An aspect of the show that should provoke discussion was Alex’s final scene. Audiences see that he is in a critical condition after attempting suicide. This is important because we are shown clear signs of depression in Alex throughout the series, yet most of us fail to notice them. We’re all so caught up in Hannah’s story that we forget to watch out for other characters. This is a good way to show audiences that we might miss what’s happening right in front of our own faces — despite knowing what to look for.
As an avid fan of the novel, I found myself disappointed with certain aspects of the series. I loved watching the story play out on-screen, but found issues in the portrayal. The first problem had to do with Clay in the final episode as he sent Hannah’s tapes to a teacher who was involved with an added 14th tape — which did not happen in the book. This last tape included a confession from the man who sexually assaulted Hannah and one of her friends. This is problematic because Jessica, the surviving victim of the assault, was not ready for it to go public — which she made clear in a previous conversation with Clay. He completely ignored her wishes and gave the tapes to Mr. Porter anyway. This last action also seemed to imply Clay believed it was the assault that pushed Hannah over the edge and nothing else. However, the whole moral of the book is to show that what drives someone to suicide is complicated. The addition to Hannah’s final words in the show undermined a critical deeper meaning that was presented in the book. For Hannah, it was the combination of every reason she talks about in her tapes — not just the assault — that drove her to suicide. She was depressed to the extent of suicidal thoughts even before she was assaulted. In the novel, it was almost like she was looking for a final straw to push her over the edge and the assault seemed to be it, rather than the assault being the sole cause.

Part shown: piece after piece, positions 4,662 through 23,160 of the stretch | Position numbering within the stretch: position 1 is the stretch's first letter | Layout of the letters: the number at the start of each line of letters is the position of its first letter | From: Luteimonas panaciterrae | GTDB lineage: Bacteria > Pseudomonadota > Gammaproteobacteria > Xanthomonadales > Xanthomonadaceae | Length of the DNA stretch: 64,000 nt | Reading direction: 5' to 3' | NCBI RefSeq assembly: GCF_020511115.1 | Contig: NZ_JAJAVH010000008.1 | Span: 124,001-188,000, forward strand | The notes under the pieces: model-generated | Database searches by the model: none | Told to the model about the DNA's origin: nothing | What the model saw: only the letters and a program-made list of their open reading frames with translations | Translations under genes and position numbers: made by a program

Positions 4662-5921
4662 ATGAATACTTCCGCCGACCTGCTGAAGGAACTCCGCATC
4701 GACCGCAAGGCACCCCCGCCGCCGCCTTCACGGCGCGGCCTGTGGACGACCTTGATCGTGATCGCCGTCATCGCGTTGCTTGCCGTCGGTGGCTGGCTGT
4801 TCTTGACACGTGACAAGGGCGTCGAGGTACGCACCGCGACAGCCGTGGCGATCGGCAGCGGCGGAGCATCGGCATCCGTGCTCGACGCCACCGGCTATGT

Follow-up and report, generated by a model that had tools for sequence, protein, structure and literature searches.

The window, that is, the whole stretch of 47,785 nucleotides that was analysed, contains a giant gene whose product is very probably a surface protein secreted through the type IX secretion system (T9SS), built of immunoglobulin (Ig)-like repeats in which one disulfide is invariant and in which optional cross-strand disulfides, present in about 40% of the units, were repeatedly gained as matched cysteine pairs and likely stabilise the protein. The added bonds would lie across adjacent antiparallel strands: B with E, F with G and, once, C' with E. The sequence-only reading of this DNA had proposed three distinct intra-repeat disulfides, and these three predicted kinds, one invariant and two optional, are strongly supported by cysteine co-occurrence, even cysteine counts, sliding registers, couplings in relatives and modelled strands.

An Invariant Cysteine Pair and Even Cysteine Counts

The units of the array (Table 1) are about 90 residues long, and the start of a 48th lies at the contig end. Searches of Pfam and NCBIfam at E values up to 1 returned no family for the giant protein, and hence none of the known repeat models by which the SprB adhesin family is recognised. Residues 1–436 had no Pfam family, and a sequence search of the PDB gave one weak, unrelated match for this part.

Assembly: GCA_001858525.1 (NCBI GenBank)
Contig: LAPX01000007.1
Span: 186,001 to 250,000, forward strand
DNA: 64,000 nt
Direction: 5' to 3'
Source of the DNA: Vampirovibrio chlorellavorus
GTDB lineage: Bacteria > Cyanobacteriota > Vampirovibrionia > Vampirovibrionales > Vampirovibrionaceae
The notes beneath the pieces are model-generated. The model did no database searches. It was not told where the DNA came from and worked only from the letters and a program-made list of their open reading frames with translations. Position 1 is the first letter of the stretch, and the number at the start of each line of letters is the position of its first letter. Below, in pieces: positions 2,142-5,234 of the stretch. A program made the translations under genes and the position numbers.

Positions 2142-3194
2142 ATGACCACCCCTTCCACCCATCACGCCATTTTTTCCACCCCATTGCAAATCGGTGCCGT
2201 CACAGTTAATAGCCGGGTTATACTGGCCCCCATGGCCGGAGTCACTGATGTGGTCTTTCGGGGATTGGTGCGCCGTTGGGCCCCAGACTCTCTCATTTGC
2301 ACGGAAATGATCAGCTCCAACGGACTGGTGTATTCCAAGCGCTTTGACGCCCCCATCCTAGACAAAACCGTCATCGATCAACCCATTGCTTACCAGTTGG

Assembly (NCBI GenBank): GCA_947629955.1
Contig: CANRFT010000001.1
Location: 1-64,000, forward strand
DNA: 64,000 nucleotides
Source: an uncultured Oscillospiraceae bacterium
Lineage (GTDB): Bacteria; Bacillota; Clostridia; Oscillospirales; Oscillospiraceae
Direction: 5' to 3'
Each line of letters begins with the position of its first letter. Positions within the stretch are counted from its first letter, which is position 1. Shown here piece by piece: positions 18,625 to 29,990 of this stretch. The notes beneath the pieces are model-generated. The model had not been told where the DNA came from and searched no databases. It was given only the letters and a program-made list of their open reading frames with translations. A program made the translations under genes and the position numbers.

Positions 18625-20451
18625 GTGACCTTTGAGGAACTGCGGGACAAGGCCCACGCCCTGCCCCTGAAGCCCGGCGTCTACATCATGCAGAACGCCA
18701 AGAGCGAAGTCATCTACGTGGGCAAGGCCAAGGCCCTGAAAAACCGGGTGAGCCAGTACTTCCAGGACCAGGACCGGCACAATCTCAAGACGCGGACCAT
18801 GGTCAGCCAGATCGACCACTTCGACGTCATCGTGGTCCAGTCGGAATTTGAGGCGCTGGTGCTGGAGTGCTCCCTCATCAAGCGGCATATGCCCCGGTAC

The average person can watch the show, then sit down and reflect on their life, which is great. However, if the goal of the show is to reach out to those suffering from depression and suicidal thoughts themselves, wouldn’t depicting these struggles in such a graphic manner harm these individuals rather than help them? By showing what Hannah went through with her suicidal thoughts, isn’t the show simply saying it is an option? Another issue with the extremely graphic representation is how people might take the idea literally and try to do the same themselves. An article on PsychologyToday states that the media should avoid detailed descriptions of suicide including method and location. Yet detailed description is exactly what this series did. They showed Hannah’s suicide up close and personal, down to her very last minutes, even after telling a journalist at Bustle that executive producers “consulted with several mental health professionals.” Of course, the intent of the producers was not to ignore the advice they received from professionals. But there are real guidelines when portraying suicide in the media and show seemed to have ignored them.
In the end, there were some positive and negative parts of the series. Everyone involved only tried to do good by getting people to start speaking about suicide, even if they didn’t hit the bullseye in the end. Netflix opened a lot of doors for season two, leaving us craving answers. This was just a step, and it could have been done better, but at least it was a step! Despite its issues, “13 Reasons Why” is an extremely emotional series that will grip you by your heart strings.